Blessings to you as well. We can talk about Cobra Kai too.

    • #5
  6. Jerry Giordano (Arizona Patrio… Member
    Jerry Giordano (Arizona Patrio…

    Fantastic post, Vince.

    My sympathies for your lost baby.  My wife and I had the same terrible experience.  In my case, it didn’t change my view on abortion, which I already opposed.  It had a bigger effect on me.  It led me to belief in God (almost immediately) and then faith in Christ (about 2 1/2 years later).

    You are more forgiving than I am about those who support abortion.  You suggest that they have been misled by bad teachers.  I am disinclined to accept or excuse this level of ignorance.  I think that they are willfully blind at best, malicious and full of hate at worst.

    There are two groups in the pro-abortion camp:

    1. The first group actually thinks that they have the moral high ground.  These are typically the more radical Leftists, especially Feminists.  They are full of hate at their opponents, believing that those who oppose abortion are wicked oppressors.  They are, quite literally, people who call good evil and evil good.
    2. The second group seems to have moral concerns, but doesn’t want to address the issue.  They seem to become angry, and full of hate, only when confronted by those who oppose abortion.  My impression is that most of these people know full well that abortion is a monstrous crime, but don’t want to think about it.

    I find it difficult to understand the motivations of the second group.  I think that, for some of them, it is aversion to (and even hatred of) Christianity.  Perhaps they think that adopting an anti-abortion position would concede that those darned, meddlesome Christian moralists are right, and if they’re right about abortion, perhaps they’re right about other things.  I think that, for others in this group, they don’t want to face the fact that if they consciously accept the truth and adopt an anti-abortion position, they must necessarily conclude that:

    1. They have, personally, been supporting (actively or tacitly) one of the most horrific crimes in history, with a death toll about 10 times that of the Holocaust; and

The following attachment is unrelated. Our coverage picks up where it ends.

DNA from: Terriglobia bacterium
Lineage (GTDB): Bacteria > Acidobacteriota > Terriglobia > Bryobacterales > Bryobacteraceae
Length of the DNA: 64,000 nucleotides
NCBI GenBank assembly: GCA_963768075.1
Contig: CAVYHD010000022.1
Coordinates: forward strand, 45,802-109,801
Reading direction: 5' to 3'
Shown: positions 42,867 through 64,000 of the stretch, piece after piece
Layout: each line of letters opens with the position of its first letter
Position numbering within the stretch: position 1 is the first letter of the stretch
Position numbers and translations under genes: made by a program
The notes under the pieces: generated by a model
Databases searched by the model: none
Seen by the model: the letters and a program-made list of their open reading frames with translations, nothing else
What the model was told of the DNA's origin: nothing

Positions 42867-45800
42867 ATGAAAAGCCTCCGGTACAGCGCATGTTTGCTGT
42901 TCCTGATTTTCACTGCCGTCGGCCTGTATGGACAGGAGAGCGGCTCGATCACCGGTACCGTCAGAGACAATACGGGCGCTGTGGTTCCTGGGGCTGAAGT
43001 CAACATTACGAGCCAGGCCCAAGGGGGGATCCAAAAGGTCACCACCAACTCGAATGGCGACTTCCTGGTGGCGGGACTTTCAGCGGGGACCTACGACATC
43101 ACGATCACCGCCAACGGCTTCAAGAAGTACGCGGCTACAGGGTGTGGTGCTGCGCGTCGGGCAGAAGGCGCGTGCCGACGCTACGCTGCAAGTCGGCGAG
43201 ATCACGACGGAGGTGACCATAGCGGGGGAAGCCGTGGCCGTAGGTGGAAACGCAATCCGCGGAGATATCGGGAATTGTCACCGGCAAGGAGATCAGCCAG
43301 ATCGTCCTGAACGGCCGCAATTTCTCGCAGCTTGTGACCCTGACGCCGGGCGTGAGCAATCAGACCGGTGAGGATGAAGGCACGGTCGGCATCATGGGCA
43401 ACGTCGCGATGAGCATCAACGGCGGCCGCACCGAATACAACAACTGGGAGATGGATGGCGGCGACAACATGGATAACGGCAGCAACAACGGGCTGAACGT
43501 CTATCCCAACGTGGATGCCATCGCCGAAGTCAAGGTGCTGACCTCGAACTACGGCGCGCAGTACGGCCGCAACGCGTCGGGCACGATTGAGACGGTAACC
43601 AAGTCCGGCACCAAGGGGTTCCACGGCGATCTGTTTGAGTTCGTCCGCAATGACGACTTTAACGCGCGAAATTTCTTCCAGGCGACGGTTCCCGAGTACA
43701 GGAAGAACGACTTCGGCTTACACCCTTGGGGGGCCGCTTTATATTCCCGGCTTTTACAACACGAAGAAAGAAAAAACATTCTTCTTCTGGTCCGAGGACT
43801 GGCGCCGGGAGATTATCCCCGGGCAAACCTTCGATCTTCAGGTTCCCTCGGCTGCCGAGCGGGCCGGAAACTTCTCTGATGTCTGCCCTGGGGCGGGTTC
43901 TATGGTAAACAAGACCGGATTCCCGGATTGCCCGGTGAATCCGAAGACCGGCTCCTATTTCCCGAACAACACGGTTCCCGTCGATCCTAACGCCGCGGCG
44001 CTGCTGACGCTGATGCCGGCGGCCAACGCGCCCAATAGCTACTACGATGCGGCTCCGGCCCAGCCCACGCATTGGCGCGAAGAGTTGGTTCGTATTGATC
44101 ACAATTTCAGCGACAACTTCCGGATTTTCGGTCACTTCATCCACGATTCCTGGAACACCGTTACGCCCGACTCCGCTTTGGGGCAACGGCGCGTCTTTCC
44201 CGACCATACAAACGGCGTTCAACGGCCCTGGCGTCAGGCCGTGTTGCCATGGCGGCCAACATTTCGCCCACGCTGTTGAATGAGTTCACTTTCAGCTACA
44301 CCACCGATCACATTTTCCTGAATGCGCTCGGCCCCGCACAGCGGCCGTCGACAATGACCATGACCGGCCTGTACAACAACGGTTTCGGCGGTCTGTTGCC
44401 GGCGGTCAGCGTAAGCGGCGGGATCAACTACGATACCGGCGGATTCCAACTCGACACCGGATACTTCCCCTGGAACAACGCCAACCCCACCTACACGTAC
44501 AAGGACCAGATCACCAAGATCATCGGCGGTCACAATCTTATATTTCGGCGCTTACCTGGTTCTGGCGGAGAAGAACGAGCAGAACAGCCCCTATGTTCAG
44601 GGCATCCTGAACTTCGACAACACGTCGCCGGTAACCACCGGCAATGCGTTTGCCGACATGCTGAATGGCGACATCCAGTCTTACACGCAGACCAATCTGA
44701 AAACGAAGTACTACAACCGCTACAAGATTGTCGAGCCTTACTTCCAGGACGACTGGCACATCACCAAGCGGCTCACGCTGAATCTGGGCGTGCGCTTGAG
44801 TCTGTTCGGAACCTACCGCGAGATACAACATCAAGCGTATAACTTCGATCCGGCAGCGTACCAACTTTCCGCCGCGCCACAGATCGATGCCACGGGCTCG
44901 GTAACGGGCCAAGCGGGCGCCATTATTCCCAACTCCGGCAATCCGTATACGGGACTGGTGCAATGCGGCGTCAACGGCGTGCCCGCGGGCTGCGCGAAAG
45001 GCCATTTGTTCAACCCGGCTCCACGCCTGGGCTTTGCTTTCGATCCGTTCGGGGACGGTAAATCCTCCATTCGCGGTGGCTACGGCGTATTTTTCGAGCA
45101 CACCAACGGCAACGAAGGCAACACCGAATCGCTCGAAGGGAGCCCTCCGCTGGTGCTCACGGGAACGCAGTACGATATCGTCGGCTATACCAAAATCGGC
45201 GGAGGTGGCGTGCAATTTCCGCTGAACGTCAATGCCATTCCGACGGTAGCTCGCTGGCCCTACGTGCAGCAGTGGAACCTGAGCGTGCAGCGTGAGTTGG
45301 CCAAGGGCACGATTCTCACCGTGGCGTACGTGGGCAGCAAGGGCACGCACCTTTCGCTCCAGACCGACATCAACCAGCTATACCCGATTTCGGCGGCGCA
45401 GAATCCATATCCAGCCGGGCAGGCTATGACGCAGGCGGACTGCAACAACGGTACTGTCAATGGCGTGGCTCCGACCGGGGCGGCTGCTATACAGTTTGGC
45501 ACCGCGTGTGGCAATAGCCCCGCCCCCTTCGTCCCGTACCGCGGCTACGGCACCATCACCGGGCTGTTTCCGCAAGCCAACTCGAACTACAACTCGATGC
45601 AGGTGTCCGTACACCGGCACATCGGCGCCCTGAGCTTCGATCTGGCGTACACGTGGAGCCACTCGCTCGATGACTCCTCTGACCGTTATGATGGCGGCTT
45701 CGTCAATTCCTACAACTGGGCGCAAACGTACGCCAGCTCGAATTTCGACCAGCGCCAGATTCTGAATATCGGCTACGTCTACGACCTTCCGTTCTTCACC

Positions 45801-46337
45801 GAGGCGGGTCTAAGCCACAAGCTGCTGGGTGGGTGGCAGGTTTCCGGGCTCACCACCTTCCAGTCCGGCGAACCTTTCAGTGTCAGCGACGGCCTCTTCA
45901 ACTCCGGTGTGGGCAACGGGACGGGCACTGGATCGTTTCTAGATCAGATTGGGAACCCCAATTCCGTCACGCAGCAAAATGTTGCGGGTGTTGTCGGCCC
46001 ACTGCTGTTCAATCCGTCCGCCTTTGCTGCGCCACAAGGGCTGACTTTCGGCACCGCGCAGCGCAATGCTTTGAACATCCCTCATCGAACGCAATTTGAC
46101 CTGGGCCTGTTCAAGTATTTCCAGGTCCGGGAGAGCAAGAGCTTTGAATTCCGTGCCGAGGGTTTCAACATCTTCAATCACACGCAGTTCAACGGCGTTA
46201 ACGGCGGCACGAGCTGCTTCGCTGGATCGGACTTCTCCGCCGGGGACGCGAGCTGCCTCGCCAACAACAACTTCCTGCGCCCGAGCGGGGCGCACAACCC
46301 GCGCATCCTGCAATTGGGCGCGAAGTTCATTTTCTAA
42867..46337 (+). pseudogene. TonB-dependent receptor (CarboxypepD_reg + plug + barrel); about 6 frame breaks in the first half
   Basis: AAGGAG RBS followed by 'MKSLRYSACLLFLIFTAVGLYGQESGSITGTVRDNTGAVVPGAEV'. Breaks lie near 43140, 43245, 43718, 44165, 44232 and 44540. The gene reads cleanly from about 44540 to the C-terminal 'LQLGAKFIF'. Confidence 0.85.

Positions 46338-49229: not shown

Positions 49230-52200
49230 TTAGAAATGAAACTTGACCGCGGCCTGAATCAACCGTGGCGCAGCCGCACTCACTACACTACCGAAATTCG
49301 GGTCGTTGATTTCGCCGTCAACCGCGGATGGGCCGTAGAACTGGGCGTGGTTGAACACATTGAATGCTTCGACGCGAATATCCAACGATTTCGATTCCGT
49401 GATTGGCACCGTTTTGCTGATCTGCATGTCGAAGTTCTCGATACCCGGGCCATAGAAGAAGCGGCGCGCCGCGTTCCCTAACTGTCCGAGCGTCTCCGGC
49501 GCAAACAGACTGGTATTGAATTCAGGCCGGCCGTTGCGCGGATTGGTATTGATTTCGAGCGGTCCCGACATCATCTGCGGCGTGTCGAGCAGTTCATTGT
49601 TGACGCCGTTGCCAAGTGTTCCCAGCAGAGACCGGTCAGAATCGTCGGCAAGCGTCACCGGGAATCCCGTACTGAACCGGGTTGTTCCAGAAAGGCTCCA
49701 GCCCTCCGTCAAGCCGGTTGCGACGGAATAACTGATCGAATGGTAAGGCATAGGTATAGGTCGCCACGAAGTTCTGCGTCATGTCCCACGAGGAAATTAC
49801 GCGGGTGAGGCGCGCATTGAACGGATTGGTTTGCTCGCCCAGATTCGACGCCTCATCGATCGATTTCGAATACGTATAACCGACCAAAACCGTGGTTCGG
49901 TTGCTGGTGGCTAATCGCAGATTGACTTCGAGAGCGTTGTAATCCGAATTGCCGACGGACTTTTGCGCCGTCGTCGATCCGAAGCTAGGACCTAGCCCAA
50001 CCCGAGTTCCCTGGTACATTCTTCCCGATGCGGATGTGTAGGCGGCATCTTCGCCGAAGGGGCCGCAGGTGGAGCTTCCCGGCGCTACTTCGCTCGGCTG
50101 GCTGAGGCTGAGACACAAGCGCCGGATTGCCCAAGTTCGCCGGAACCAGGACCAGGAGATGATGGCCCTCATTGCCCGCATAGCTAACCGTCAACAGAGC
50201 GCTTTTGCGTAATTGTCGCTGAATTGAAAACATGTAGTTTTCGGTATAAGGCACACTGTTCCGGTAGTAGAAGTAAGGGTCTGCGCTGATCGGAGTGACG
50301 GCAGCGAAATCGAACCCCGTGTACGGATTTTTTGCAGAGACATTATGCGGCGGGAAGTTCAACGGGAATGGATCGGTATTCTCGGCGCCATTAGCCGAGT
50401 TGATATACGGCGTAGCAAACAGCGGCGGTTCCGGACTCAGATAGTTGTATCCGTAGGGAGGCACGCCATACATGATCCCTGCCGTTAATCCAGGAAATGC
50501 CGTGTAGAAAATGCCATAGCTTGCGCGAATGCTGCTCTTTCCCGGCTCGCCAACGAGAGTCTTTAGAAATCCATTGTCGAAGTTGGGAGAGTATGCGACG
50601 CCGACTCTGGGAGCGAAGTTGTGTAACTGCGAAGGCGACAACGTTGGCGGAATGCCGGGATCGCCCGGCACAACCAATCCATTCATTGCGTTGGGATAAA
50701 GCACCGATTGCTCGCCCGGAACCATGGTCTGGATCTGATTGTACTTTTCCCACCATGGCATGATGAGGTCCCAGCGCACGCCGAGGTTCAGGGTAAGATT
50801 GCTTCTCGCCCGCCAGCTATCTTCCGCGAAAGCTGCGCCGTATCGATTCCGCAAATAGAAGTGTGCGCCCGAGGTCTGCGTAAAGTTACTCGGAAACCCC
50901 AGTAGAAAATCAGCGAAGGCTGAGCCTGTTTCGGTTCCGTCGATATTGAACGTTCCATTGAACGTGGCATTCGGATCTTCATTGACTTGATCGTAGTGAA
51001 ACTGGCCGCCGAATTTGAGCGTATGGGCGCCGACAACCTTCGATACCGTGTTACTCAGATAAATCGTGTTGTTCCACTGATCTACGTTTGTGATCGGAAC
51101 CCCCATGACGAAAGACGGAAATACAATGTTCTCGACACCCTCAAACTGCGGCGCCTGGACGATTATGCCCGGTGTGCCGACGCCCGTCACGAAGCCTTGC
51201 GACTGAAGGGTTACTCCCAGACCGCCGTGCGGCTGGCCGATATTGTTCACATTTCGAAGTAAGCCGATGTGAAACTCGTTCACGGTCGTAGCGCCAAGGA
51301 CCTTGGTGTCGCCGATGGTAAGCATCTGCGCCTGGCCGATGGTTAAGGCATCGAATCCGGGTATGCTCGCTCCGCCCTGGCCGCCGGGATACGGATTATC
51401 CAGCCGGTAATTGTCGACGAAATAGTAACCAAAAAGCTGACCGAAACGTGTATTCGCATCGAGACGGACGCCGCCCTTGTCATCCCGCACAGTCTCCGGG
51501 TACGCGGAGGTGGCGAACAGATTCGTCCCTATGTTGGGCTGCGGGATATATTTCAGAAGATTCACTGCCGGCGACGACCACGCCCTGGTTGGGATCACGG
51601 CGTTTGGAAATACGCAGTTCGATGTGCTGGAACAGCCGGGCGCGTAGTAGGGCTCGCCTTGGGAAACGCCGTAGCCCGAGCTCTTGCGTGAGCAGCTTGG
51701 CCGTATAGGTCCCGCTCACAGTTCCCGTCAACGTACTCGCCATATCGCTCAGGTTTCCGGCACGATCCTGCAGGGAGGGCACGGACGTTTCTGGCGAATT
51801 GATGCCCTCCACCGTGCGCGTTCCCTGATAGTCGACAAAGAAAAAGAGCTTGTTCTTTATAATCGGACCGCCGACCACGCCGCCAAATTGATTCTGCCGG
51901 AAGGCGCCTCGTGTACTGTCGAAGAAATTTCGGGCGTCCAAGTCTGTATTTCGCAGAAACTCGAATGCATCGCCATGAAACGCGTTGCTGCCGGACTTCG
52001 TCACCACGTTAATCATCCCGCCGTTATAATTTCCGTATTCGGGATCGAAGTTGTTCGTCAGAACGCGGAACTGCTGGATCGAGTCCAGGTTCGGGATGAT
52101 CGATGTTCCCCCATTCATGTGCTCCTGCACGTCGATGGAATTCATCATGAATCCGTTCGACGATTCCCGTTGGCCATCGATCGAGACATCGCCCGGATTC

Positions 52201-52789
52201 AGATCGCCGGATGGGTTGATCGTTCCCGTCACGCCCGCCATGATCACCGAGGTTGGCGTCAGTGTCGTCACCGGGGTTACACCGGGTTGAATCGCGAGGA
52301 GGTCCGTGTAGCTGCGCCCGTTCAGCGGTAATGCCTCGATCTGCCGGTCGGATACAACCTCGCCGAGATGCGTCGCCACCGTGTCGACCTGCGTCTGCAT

2. They have family members and friends who continue to support that crime, often in a self-righteous way.

    These are very painful things to face.

    I say this knowing that I’ve had two very close family members,who I loved and admired greatly in many respects, who were on the wrong side of this issue.  One is still living and one is dead.  It is very painful to face the truth on this issue.

    • #6
  7. Jerry Giordano (Arizona Patrio… Member
    Jerry Giordano (Arizona Patrio…

    I have one more thing to add.  If my objection to abortion is correct, and my skepticism of the proposition that people on the pro-abortion side are innocently misled is also correct, then it is difficult to view the opposition as “good people.”  They are not “good people.”  They are, perhaps, even worse than the Nazis, at least in terms of: (1) the total death toll, and (2) the innocence of the victims.

    This is a dreadful thought.  

    As a matter of metaphysics, Christianity solves this problem.  Even willfully blind or malicious people are misled and deceived, ultimately, by the Prince of Darkness.  They are not inherently good, but they are not irredeemably evil either.  They are the very people that we are trying to save.

    Then I think of Morpheus in The Matrix, explaining that as long as people remain committed to the deception, they are the enemy.  You’d like to save them, but there is little that you can do.

    Unlike Morpheus, I can pray.  Thank God.

    • #7
  8. Lois Lane Coolidge
    Lois Lane

    I’ll sit through every corny episode of Cobra Kai because I wanted to marry Daniel when I was 12.  That seems appropriate now since Ralph Macchio still looks 12.  

    Of course abortion is evil.  Of course.  


    • #8
  9. Vince Guerra Member
    Vince Guerra

    Lois Lane (View Comment):

    I’ll sit through every corny episode of Cobra Kai because I wanted to marry Daniel when I was 12. That seems appropriate now since Ralph Macchio still looks 12.

    Of course abortion is evil. Of course.


    I recommend skimming. Of course, I tend to skim past the Daniel parts mostly. There is a great scene in season one where Daniel and Johnny go to a bar together. Most of the best acting though is between Johnny and Miguel. 

    • #9